Trump Showed Up at His Debate Infected. The Biden Campaign Trusts That Pence Won’t Do the Same.

Fool me once, shame on you. Fool me twice…

Plexiglass protections between the debaters are seen on the stage of the debate hall ahead of the vice presidential debate at the University of Utah on October 6, 2020 in Salt Lake City, Utah. ERIC BARADAT/AFP via Getty Images

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It’s now clear that President Trump rolled up to the first debate against Joe Biden while not only infected with the coronavirus but almost certainly contagious. His family members took off their masks in the debate hall, including the first lady, whose own positive COVID-19 test would soon be announced. The White House has thus far refused to reveal when the president’s last negative test was, as the number of infections in Trump’s orbit has climbed to 23.

Against this backdrop, it should be clear taking team Trump’s word on the timing or presence of any infection in their ranks is unsafe.

And yet, it appears that is exactly what will happen at tonight’s debate between Vice President Mike Pence and Sen. Kamala Harris. The Biden campaign is again deferring to the Commission on Presidential Debates—the event’s host—and the Cleveland Clinic—their medical adviser—to ensure the safety of their nominee. These are the same entities that deferred to Trump on his test results last week, putting Joe Biden on stage for 90 minutes with a man who could have infected him with a deadly disease. The decision by the debate commission to accept the candidates’ word on their test results, rather than administer their own tests or collect evidence of negative results, put a dark cloud over the first debate—yet their testing protocol remains unchanged.

“The presidential debate commission, the Cleveland Clinic, they are responsible for the safety of this debate,” Liz Allen, a Harris spokesperson, told reporters on a call Wednesday. “We are abiding by their determination on safety measures and questions about the adequacy of those safety measures should be addressed to them.” Allen did not respond to a question about whether Pence’s team had reached out to Biden’s camp about testing, leaving an impression that Pence has not been transparent with his opponents about his own testing ahead of the debate. 

A second reporter again pressed the campaign on its safety precautions, including whether Harris would campaign alongside Biden in the aftermath of tonight’s debate given the possibility she could be infected while on stage with Pence. The answer was the same. “It’s the Cleveland Clinic’s job to ensure the health and safety precautions tonight at the debate and that the safety standards are being met,” responded senior campaign adviser Symone Sanders. “And we believe in fact that the Cleveland Clinic is going to do their job. They’re professionals.”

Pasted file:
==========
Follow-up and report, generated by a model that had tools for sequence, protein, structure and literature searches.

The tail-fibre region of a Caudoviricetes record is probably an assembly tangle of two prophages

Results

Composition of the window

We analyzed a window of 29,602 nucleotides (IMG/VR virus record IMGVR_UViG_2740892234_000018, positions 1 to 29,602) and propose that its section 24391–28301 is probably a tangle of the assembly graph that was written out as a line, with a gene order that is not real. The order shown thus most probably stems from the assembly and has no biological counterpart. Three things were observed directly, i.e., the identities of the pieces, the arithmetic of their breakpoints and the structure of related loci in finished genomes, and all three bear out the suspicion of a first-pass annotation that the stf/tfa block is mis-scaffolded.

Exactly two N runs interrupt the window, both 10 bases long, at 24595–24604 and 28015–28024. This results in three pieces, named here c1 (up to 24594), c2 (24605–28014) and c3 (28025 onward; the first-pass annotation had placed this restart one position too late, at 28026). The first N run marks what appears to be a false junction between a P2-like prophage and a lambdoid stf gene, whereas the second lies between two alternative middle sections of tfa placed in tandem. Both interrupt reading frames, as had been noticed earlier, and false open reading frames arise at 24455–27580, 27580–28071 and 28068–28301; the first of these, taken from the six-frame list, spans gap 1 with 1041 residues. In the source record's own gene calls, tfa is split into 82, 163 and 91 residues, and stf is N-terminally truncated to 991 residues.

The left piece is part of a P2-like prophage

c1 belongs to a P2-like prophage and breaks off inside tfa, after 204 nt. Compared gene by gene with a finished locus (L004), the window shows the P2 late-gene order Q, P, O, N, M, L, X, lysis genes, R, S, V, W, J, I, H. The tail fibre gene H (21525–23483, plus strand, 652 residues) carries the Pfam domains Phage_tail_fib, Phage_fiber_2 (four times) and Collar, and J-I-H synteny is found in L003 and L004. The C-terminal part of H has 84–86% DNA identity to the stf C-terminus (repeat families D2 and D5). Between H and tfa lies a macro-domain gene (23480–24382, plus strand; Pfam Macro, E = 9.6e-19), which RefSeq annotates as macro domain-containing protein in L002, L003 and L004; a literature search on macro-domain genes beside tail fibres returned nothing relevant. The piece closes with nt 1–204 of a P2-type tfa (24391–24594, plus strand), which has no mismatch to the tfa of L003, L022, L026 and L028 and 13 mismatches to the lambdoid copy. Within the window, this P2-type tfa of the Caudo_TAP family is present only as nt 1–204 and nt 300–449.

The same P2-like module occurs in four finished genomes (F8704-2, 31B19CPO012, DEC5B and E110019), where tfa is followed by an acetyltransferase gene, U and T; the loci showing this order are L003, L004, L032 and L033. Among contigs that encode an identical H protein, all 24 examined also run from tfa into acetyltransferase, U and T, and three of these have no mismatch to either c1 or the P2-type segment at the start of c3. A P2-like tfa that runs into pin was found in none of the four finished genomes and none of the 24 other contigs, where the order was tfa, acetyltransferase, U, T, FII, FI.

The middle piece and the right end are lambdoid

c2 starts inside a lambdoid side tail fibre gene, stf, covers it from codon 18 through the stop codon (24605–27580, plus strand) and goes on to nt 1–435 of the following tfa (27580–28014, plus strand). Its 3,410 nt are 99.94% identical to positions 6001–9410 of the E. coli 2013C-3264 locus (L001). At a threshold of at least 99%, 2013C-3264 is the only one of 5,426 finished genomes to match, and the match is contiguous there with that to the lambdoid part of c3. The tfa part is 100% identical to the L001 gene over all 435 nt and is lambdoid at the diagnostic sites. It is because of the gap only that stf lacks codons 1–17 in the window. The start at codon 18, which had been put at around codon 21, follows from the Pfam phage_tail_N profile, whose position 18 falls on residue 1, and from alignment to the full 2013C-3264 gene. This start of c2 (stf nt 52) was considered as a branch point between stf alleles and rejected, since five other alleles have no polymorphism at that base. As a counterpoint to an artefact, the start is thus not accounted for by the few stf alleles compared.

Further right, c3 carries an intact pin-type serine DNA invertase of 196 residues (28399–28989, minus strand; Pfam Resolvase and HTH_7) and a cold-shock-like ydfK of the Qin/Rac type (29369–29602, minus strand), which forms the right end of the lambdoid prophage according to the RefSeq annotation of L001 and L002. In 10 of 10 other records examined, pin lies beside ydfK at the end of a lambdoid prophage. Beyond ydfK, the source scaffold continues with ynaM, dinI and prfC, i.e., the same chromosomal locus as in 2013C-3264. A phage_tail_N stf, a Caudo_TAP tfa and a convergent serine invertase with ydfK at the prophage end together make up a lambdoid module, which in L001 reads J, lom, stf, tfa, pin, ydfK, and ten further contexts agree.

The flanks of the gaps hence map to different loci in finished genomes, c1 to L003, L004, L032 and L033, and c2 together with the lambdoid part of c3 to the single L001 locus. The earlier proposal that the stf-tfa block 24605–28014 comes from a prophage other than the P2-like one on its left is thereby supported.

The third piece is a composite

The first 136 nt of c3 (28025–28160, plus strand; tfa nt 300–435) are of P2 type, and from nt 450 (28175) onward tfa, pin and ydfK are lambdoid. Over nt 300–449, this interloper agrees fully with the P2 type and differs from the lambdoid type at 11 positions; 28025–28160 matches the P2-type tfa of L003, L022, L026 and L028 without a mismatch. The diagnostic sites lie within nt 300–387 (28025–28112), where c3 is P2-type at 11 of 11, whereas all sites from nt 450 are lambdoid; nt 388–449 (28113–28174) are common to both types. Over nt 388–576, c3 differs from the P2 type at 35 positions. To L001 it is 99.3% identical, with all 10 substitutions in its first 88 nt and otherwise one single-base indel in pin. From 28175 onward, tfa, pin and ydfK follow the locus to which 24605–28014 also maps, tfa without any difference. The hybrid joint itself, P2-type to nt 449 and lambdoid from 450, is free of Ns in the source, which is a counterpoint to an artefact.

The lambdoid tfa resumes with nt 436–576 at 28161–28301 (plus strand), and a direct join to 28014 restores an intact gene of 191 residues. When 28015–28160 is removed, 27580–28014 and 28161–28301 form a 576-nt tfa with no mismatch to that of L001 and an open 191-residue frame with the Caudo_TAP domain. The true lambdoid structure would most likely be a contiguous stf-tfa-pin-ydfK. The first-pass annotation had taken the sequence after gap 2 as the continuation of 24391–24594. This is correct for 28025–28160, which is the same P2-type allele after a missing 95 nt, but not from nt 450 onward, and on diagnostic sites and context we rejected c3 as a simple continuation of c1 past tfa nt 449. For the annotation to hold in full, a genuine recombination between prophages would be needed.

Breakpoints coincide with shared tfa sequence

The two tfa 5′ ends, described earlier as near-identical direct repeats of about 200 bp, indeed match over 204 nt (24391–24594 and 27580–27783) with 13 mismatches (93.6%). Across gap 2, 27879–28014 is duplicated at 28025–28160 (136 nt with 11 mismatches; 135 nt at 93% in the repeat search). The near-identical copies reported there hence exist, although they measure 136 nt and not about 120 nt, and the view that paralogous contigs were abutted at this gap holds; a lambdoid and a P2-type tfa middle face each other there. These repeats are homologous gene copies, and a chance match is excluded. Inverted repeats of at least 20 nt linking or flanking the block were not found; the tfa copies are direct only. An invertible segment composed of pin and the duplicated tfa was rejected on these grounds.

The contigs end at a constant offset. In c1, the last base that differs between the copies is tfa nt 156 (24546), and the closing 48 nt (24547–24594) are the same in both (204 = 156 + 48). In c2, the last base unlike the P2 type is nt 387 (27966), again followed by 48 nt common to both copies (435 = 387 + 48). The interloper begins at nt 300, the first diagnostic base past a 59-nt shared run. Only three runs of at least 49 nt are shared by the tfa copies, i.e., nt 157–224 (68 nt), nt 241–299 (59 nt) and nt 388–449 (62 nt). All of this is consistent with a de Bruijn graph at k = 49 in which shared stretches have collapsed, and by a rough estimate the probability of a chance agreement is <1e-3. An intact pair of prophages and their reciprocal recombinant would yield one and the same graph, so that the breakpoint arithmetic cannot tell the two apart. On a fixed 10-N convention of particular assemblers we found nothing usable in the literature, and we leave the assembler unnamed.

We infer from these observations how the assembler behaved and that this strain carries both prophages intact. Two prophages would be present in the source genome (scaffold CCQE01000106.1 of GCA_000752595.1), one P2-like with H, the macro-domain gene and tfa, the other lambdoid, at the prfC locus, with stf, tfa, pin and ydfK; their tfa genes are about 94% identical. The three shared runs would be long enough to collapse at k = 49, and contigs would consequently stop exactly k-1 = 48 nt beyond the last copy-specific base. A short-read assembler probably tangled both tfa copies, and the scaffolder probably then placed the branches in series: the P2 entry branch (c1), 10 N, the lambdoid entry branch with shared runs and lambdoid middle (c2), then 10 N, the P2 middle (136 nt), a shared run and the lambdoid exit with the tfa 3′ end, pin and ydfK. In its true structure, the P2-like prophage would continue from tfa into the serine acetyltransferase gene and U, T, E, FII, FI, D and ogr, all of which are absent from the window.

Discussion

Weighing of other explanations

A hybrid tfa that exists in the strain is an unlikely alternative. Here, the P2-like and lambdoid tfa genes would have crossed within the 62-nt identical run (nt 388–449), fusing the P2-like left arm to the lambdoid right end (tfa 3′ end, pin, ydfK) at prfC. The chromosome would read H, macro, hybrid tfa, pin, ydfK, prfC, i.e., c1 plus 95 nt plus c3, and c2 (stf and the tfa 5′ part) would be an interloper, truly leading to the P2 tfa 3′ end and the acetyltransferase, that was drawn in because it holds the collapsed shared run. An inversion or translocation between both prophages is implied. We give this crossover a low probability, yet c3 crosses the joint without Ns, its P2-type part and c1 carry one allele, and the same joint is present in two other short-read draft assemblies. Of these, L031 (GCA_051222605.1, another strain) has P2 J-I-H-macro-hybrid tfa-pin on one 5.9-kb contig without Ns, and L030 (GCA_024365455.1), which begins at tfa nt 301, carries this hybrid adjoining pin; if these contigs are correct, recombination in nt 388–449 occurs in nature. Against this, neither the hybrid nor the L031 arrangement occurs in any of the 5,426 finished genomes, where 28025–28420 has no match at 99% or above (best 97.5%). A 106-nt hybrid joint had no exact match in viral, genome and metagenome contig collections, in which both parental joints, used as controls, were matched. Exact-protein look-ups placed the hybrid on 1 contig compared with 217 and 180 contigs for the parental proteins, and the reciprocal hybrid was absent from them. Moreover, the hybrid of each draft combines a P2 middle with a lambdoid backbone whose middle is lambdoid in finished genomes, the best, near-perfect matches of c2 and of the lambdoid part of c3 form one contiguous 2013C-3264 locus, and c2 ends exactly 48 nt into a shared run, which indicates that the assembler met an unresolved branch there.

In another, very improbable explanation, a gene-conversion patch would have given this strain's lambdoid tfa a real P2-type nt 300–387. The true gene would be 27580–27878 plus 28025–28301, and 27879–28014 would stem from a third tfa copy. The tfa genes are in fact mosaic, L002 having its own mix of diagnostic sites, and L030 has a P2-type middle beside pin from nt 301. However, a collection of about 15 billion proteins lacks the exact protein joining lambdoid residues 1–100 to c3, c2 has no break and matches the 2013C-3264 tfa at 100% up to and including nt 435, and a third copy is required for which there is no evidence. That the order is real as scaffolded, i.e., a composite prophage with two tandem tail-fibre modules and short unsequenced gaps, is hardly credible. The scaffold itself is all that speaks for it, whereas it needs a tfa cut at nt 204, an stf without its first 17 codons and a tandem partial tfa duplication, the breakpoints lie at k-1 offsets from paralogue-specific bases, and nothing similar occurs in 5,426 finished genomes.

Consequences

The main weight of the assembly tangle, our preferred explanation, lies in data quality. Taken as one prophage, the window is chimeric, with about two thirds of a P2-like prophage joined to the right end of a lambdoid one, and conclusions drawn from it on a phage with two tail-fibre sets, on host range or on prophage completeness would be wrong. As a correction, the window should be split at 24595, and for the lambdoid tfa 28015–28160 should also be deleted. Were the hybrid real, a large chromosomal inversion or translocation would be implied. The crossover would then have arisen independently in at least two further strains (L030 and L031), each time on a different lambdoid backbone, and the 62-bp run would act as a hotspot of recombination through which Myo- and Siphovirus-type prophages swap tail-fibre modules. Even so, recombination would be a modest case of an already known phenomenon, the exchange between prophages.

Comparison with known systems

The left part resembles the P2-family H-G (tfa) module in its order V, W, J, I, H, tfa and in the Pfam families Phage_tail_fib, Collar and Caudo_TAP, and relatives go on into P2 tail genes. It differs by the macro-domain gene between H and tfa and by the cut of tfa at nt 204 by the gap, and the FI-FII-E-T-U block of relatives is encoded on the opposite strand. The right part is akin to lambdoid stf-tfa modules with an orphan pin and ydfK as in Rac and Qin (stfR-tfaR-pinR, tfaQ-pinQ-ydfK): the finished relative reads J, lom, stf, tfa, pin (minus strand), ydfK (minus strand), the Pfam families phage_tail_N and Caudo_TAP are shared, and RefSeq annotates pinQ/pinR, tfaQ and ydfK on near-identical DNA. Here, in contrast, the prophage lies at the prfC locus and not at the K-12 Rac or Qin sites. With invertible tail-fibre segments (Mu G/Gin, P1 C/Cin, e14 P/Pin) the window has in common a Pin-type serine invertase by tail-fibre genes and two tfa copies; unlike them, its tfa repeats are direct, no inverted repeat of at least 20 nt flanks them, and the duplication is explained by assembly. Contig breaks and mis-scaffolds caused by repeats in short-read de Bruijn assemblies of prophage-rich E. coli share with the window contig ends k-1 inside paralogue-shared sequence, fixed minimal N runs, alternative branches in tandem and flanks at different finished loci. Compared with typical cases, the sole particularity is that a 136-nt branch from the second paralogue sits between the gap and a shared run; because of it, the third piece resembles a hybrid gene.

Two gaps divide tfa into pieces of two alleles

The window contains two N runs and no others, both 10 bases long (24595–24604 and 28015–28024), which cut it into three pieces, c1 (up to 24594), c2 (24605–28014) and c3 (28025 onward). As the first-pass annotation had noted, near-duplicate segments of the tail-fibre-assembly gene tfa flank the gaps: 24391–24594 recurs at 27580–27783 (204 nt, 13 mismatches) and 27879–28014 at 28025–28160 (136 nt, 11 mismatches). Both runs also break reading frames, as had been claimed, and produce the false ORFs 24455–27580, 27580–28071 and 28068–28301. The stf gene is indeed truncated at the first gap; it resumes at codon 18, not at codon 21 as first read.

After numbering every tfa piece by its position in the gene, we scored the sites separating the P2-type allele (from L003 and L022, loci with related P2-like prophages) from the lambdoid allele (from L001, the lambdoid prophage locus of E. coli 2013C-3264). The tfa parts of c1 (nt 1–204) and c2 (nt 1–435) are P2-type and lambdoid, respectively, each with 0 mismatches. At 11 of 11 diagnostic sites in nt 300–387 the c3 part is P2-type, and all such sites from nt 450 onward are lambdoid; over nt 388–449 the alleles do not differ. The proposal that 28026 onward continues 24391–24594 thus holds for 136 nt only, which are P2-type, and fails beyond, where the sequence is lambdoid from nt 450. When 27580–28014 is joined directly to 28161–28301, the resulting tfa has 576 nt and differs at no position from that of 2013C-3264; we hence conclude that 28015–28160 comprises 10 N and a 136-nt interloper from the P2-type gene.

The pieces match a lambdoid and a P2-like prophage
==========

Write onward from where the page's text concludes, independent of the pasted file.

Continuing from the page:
But ahead of tonight’s Vice Presidential debate, the Cleveland Clinic put out a statement downplaying their role in the events by stating that they were merely an adviser to the Commission on Presidential Debates. While the press release reiterated that the clinic’s recommended safety precautions have not changed, it directed questions about their implementation to the commission. During the first debate between Biden and Trump, a Cleveland Clinic representative asked the first family members to wear their masks inside the venue. They refused, and the clinic did not enforce its rule, putting everyone there in danger. 

Despite his position as head of the White House’s coronavirus task force, Pence has not led by example in demonstrating best practices to stem the virus’ spread. Pence attended the nomination ceremony for Judge Amy Coney Barrett on September 30, where Trump, among many others who are have since tested positive, seems likely to have contracted the virus. Photos of the event show Pence was not wearing a mask. But Pence, after a negative test, chose to keep up a busy campaign schedule, including travel “in contravention of CDC advice to isolate after exposure.” On Tuesday, Pence spokesperson Katie Miller released a statement from Pence’s doctors that said his daily rapid tests—a less sensitive test—have been negative, while offering that he undergoes “intermittent PCR tests”—a more sensitive and conclusive test type. The statement but did not clarify when his last PCR test was. A few hours later, Miller’s husband and White House adviser Stephen Miller tested positive.

Does the debate commission or the Cleveland Clinic know when Pence’s last negative PCR test was? The commission did not immediately respond to a request for comment.

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And right now, a longtime friend of Mother Jones has pledged an incredibly generous gift to inspire—and double—giving from online readers. That's huge! Because you can see that our fall fundraising drive is well behind the $325,000 we need to raise. So if you agree that in-depth, fiercely independent journalism matters right now, please support our work and help us raise the money it takes to keep Mother Jones charging hard. Your gift, and all online donations up $94,000 total, will be matched and go twice as far—but only until the November 9 deadline.

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